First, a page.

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Does the order of fields in a WHERE clause affect performance in MySQL?

Does the order of the elements in a WHERE clause change the speed of the query?

I have the following:

SELECT * FROM table1 WHERE a<b

. This returns 500 records.

SELECT * FROM table1 WHERE c<d

. This returns 130000000 records.

Now, if you have a choice between:

SELECT * FROM table1 WHERE a<b AND c<d


SELECT * FROM table1 WHERE c<d AND a<b

Which of these 2 queries will be faster? Does the order matter?

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marked as duplicate by Kermit, SomeKittens, Jon, Mez, gimpf Oct 31 '12 at 14:59

This question has been asked before and already has an answer. If those answers do not fully address your question, please ask a new question.

Order of the predicates makes no difference. – Kermit Oct 31 '12 at 13:34
But doesn't mysql do the constraints one after the other. In which case I would guess the first will be faster because it leaves less entries for the second constraint to work on? – David19801 Oct 31 '12 at 13:35
Try it and see? – Alex Howansky Oct 31 '12 at 13:37
I might just get a lucky result. I want to know for sure... – David19801 Oct 31 '12 at 13:41
Empirical testing is the only way to know for sure... – Alex Howansky Oct 31 '12 at 14:14

The only time it would affect performance is with indexes.

If you have an index on (a, c), a predicate of WHERE c < d AND a < b would run slower since the index goes left to right.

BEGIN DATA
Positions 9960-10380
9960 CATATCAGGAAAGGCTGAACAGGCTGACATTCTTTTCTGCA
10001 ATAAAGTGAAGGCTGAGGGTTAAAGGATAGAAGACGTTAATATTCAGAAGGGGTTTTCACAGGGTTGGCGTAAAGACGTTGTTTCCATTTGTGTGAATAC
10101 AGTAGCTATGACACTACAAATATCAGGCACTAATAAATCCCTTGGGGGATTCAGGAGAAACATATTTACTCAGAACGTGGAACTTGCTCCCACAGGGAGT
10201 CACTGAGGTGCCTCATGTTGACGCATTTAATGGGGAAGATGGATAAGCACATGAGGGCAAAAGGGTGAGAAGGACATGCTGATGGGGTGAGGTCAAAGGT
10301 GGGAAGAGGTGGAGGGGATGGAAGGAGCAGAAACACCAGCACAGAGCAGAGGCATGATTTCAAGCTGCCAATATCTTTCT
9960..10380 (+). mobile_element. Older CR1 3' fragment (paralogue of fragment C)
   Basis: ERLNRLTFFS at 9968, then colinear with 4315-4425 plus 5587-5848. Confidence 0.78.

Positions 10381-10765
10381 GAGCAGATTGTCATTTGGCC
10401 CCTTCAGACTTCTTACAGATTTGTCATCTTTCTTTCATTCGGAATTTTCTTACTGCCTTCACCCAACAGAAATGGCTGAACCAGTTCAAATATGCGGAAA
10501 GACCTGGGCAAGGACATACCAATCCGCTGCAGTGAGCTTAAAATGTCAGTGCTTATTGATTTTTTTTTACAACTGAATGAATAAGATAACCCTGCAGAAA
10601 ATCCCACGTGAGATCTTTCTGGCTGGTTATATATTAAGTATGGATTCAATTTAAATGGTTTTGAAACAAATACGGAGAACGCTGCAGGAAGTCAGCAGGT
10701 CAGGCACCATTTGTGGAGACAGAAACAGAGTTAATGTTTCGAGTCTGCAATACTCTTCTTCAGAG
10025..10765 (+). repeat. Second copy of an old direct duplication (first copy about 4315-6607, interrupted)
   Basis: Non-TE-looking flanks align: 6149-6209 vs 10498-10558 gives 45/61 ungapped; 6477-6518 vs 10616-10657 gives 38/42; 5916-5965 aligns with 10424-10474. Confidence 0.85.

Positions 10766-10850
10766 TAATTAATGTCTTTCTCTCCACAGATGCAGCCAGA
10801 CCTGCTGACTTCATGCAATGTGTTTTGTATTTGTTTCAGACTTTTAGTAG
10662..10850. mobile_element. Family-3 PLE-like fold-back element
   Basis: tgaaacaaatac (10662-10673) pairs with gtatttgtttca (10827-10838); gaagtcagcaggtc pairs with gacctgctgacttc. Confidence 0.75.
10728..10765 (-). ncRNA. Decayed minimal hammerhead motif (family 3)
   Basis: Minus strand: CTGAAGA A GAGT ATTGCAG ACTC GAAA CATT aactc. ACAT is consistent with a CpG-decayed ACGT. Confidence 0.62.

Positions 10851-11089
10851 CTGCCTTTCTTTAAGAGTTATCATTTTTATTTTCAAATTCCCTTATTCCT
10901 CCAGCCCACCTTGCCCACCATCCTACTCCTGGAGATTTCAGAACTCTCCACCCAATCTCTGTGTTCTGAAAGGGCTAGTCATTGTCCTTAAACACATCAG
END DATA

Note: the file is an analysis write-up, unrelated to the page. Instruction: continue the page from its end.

If you do not have an index, the order does not matter.

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Absolutely. The speed of the query well depend on the indices of the table and the engine the table is running on. – deed02392 Oct 31 '12 at 13:36
Removed downvote following edit but will be surprised if this is correct and MySQL can't rearrange predicates as it sees fit. – Martin Smith Oct 31 '12 at 13:40
@MartinSmith Thanks. I'm more versed with SQL Server performance, and I know for a fact the index will not be used if the order doesn't go with the 'left-to-right' of an index. – Kermit Oct 31 '12 at 13:41
The question is asking about c < d AND a < b vs a < b AND c < d though. They are the same predicates just the order reversed. In SQL Server it definitely does not make any difference what order they appear in the query. – Martin Smith Oct 31 '12 at 13:43
@njk - Yes column order matters in the index definition (if you have an index on last name, first name it won't help queries on first name) but the question is about rearranging the same predicates in the query. SQL Server wouldn't care if you wrote the query as last-name='foo' and first_name='bar' or first-name='bar' and last_name='foo' – Martin Smith Oct 31 '12 at 13:49

No, there is no difference. Just like in MATH, A + B = B + C. It just means that interchanging both doesn't make any difference.

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I believe he is talking about the speed of the query, not the result set. – Darrrrrren Oct 31 '12 at 13:35
@Darrrrrren i didn't say about result set. I just illustrate that interchanging both don't have any difference. – John Woo Oct 31 '12 at 13:36

I don't think so there will be any difference, it will be optimalized by the sql anyway. More info here at this question: Does the order of fields in a WHERE clause affect performance in MySQL?

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